NOW PLAYING

reviewed - out in theaters

review index

HOT TOPICS


Welcome

The Film Experience™ was created by Nathaniel R

 Gemini, Cinephile, Actressexual. Also loves cats. All material herein is written and copyrighted by him, unless otherwise noted. twitter | facebook | pinterest | tumblr | letterboxd

 

Powered by Squarespace
Beauty vs. Beast

The Devil or The Actress?

vote! 

Comment Fun

COMMENT(s) DU JOUR
"Bond on Banana"
2014
Mixed Media on Fruit, 9"x1½"

There is nothing about this I don't love.❞ -BRB

From the neck down, its pretty good. Guess your eyes weren't focused on his eyes.-Henry

Your next assignment: Shelley Winters on a Pineapple❞ -Jon

 

Keep TFE Strong

Your suscription dimes make an enormous difference to The Film Experience in terms of stability and budget to dream bigger. Consider...

I ♥ The Film Experience

THANKS IN ADVANCE

For those who can't commit to a dime a day, consider a one time donation for an article or a series you are glad you didn't have to live without.

What'cha Looking For?
Twitter Feed
Subscribe

Entries in Hyde Park on Hudson (4)

Tuesday
Oct162012

Podcast: The Impossible Life of Pi on the Hudson

Here's part two of my October conversation with Katey, Joe and Nick. In part I, Nathaniel, made the embarrassing confession that I had yet to see The Master due to pneumonia, subway mishaps and so on... The day that I knew Part 1 of the podcast would air (Sunday) I rushed to a matinee of The Master so as to course-correct before my shame went public. I only had a few hours free and when I arrived at the theater the ticket seller informed me that The Master was not showing thus prolonguing my public humiliation:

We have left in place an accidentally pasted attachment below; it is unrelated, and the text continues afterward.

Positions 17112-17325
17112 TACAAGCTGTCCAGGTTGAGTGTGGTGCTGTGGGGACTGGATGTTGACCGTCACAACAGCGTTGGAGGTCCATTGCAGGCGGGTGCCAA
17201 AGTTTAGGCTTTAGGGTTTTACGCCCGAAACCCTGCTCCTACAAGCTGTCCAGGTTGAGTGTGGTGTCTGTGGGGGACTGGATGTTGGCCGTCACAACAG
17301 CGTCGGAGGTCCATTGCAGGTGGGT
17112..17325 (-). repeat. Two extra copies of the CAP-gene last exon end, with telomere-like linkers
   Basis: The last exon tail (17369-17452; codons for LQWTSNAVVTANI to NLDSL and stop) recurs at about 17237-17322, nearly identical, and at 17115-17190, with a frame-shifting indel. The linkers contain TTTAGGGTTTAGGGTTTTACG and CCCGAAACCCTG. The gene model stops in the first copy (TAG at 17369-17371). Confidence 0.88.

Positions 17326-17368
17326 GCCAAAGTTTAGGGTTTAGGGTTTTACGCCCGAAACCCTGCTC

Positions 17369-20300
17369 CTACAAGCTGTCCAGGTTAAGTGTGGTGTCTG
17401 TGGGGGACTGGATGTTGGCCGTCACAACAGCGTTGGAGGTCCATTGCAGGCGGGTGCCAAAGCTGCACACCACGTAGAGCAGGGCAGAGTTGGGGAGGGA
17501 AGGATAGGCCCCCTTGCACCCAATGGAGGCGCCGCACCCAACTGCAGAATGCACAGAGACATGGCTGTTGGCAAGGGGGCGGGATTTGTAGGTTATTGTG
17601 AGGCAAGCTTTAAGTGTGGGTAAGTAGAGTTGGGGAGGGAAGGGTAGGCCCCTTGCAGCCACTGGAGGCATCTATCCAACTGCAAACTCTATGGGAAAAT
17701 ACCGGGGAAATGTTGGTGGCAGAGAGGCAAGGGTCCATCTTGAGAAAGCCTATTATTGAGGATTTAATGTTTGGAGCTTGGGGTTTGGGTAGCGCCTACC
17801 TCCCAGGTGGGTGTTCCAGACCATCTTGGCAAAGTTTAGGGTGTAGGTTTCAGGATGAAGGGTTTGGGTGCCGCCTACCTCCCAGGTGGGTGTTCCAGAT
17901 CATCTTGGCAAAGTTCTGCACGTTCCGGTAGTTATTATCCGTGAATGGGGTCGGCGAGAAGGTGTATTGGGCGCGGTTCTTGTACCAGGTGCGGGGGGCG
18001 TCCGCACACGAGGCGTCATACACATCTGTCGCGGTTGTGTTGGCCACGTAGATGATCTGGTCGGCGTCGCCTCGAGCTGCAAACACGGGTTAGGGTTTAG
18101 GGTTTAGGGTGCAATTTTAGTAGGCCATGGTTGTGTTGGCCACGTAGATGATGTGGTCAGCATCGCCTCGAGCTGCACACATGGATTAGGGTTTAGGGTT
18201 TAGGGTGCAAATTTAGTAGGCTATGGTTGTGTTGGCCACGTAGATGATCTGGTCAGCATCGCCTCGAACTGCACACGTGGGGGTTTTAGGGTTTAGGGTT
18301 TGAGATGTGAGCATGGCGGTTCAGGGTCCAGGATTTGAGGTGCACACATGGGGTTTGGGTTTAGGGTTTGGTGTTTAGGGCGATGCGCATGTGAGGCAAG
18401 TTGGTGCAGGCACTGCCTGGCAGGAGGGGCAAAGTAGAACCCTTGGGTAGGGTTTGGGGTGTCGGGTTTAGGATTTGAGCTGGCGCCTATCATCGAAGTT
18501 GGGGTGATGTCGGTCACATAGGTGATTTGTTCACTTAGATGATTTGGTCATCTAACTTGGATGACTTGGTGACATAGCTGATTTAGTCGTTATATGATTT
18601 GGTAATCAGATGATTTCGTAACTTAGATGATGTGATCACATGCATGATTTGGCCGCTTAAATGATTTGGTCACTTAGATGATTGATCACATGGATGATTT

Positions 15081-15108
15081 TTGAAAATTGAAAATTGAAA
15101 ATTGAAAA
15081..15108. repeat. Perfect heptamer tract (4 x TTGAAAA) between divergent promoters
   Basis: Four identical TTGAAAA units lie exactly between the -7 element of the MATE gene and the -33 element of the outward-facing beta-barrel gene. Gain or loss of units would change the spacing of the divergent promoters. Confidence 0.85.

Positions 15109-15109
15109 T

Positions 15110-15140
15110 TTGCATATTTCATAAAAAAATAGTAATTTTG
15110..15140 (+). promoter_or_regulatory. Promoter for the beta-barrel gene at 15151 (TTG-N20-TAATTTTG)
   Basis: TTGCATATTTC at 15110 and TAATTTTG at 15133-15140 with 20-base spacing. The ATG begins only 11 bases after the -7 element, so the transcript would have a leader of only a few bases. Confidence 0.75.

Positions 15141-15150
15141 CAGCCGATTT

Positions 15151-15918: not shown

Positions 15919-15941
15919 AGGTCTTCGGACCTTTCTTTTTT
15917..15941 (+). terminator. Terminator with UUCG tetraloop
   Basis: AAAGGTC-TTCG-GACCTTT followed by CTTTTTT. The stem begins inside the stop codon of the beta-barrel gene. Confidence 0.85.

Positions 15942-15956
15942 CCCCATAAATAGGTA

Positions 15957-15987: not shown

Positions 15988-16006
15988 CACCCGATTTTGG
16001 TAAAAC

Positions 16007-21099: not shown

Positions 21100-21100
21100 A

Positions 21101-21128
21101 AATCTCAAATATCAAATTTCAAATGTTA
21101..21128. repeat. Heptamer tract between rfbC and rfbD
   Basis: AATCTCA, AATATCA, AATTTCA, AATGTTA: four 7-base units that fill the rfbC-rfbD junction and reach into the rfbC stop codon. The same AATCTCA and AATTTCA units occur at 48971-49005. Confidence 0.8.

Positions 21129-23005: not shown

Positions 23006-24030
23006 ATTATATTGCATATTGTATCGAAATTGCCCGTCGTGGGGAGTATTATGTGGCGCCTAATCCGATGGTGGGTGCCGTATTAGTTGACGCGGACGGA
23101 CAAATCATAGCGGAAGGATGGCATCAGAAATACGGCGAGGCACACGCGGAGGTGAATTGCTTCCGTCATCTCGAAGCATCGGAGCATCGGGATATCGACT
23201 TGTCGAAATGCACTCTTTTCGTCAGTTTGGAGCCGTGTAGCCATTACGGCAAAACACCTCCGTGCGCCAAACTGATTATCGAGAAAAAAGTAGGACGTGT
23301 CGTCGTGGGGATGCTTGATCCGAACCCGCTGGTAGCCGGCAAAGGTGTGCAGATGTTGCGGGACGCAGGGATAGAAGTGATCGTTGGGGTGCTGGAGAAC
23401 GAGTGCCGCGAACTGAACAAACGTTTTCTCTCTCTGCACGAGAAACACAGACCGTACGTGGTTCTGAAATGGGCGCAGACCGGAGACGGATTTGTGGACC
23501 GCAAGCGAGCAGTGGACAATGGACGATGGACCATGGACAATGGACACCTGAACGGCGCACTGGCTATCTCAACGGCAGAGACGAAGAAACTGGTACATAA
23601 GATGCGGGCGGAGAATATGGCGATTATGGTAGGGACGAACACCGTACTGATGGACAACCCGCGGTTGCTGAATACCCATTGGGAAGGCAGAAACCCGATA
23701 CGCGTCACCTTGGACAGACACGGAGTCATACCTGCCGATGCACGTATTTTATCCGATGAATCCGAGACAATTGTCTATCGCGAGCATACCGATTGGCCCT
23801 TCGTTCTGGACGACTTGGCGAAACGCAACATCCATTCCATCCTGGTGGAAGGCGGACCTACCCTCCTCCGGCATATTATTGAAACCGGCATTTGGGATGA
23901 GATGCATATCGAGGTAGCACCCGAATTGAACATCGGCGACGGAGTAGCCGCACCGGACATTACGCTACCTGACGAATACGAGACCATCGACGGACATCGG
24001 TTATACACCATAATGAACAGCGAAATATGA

Me, Wracked With The Master-Related Guilt: But I looked it up just 45 minutes ago... 12:30 PM! I'm here. It's 12:30 PM. I have to see it.
Lady Who Knew Not My Blogging Shame:  Where did you look it up?
Me: Moviefone.
Lady: We're not affiliated with them. Next time try Fandango.
Me: Are you telling me that Moviefone just made this up?!
Lady: I'm telling you that it's not showing and we aren't affiliated with them.
Me: Fine... Argo.

ANYWAY... [/tangent]

Podcast Part Two.
Topics in this incredibly rambling 41 minute Oscar podcast include but are not limited to:

  • Life of Pi
  • Hyde Park on Hudson - why the festival showings?
  • How to Survive a Plague, Documentaries & FYC Screeners
  • Leonardo DiCaprio in Django Unchained
  • Naomi Watts in The Impossible
  • Amour, Emmanuelle Riva and Best Actress
  • The Matthew McConaughey Narrative
  • The Normal Heart and August: Osage County in 2013

You can download the podcast on iTunes or listen right here. Enjoy (and please comment if you do).

The Impossible Life of Pi Oscar Ramblings

Saturday
Sep222012

NYFF: "Hyde Park On Hudson" Historical Oscar Fluff

Michael C here with my first dispatch from the 50th New York Film Festival. First up is one of the Fall's two big president-starring prestige pictures.

Roger Michell’s Hyde Park on Hudson is a perfect example of that particular type of high-end, finely crafted period piece that hits theaters every autumn on its way to an Oscar nomination for Costume Design. These titles exist to provide awards voters with two hours of comfort food nostalgia wrapped in a thin packaging of historical significance. In recent years this subgenre has provided us with films like Finding Neverland, Mrs. Henderson Presents, and My Week With Marilyn. This year it’s Hyde Park on the Hudson, a film on the low end of this particular style. To call it a dud would be too harsh - kinder to say that it’s a missed opportunity.